There are very effective treatments that include medications, such as stimulant medications, but the treatment for many children does not continue long enough. It’s quite typical, for example, for children to be treated when they’re younger and then as they get older and move into adolescence, to drift away from careful follow-up and treatment and that’s the very point in their life when they begin to be at greatest risk for some of the most concerning outcomes.

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  • http://www.facebook.com/commento.accounto Commento Accounto

    This does not surprise me.
    For decades we have been all about seratonin.
    It is obviously DOPAMINE.
    Adderall did not just help me focus. It completely shreds depression.
    How are all these scientists missing this obvious thing?
    I even refer to adderall as a “happy pill”. When you can THINK and when you are living your life relying on your prefrontal cortex instead of your amygdala……you would be amazed at how different you see life and life treats you.
    Imagine that.
    All I can say to this article is “No duh”

  • Lawrence

    Just another study, probably funded by the drug companies into scaring parents into diagnosing kids who are perfectly normal into taking needless and dangerous drugs.

  • Lawrence

    Oh, yes, I was right. I just saw the fine print. It doesn’t take a rocket scientist to conclude that the drug companies are always behind studies that boost their sales.

    Pilot work for a portion of the project was funded by an
    investigator-initiated grant from McNeil Consumer and Specialty

    • http://pulse.yahoo.com/_LLH7SFRBBDZ54YLFVP6POB6XAI ANNA

      Do you have ADHD, Lawrence? Somehow I doubt it. As an older adult, I am finally putting all the pieces together and realizing the manifestations of this condition. It is scattered throughout my extended family and quite easy to spot. For you to chalk this up to big pharma scaring us to increase sales is just ridiculous. It is real and it affects your whole way of seeing and interacting with the world. I wish these drugs were around earlier to give my hyperactive uncle, brother and cousin a break from themselves. They could not stop, look or listen and were in a perpetual state of hyper-excitability. It was exhausting. And then there’s the other face of it, the daydreamer, the unfocused, ‘in another world’ person that was me. No, Lawrence, you are not right. You have an axe to grind with big pharma. They may be guilty with their over treatment of other conditions, but not this one. It’s real and it truly impedes your ability to learn, form relationships and navigate through life. You have no idea.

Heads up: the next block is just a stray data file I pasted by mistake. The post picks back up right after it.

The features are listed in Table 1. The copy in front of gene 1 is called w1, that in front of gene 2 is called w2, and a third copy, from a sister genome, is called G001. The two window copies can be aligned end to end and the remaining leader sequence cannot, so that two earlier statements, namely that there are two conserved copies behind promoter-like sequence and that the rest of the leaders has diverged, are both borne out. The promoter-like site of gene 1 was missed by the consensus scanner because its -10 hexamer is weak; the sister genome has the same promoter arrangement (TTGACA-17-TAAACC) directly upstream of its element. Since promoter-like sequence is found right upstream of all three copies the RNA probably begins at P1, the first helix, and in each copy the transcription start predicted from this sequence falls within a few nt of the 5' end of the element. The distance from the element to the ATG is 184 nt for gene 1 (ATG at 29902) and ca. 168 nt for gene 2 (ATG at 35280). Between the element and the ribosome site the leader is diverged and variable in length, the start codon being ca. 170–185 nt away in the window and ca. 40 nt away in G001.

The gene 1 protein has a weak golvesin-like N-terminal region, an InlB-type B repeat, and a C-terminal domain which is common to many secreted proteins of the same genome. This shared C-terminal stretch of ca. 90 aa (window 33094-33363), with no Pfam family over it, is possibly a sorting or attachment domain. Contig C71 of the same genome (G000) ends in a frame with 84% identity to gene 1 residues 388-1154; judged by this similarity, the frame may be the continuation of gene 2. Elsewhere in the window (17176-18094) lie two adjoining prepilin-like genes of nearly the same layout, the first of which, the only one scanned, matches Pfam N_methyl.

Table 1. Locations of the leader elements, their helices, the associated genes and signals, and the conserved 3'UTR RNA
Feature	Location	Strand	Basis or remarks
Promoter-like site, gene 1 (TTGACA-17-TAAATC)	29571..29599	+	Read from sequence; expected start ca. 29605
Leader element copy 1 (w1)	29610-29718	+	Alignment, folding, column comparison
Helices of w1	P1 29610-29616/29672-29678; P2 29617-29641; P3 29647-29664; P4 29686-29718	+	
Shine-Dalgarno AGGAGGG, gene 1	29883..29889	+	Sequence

• Lawrence


        You are confusing USE of these drugs with ABUSE.

        There are countless psychiatrists who have lost their license and are facing criminal charges due to over prescribing these and other dangerous drugs to children. The Florida Medicaid system is bankrupt due to the constant prescription to ALL kids in foster care, some taking 5 or 6 different drugs at one time.

        ABC news with Diane Sawyer even devoted an entire segment to these greedy and unscrupulous practices.

        You and others like you maybe helped with these drugs, but the drug companies fund these dubious studies in order to substantiate the wide spread abuse of these drugs to whoever they can convince “needs” them.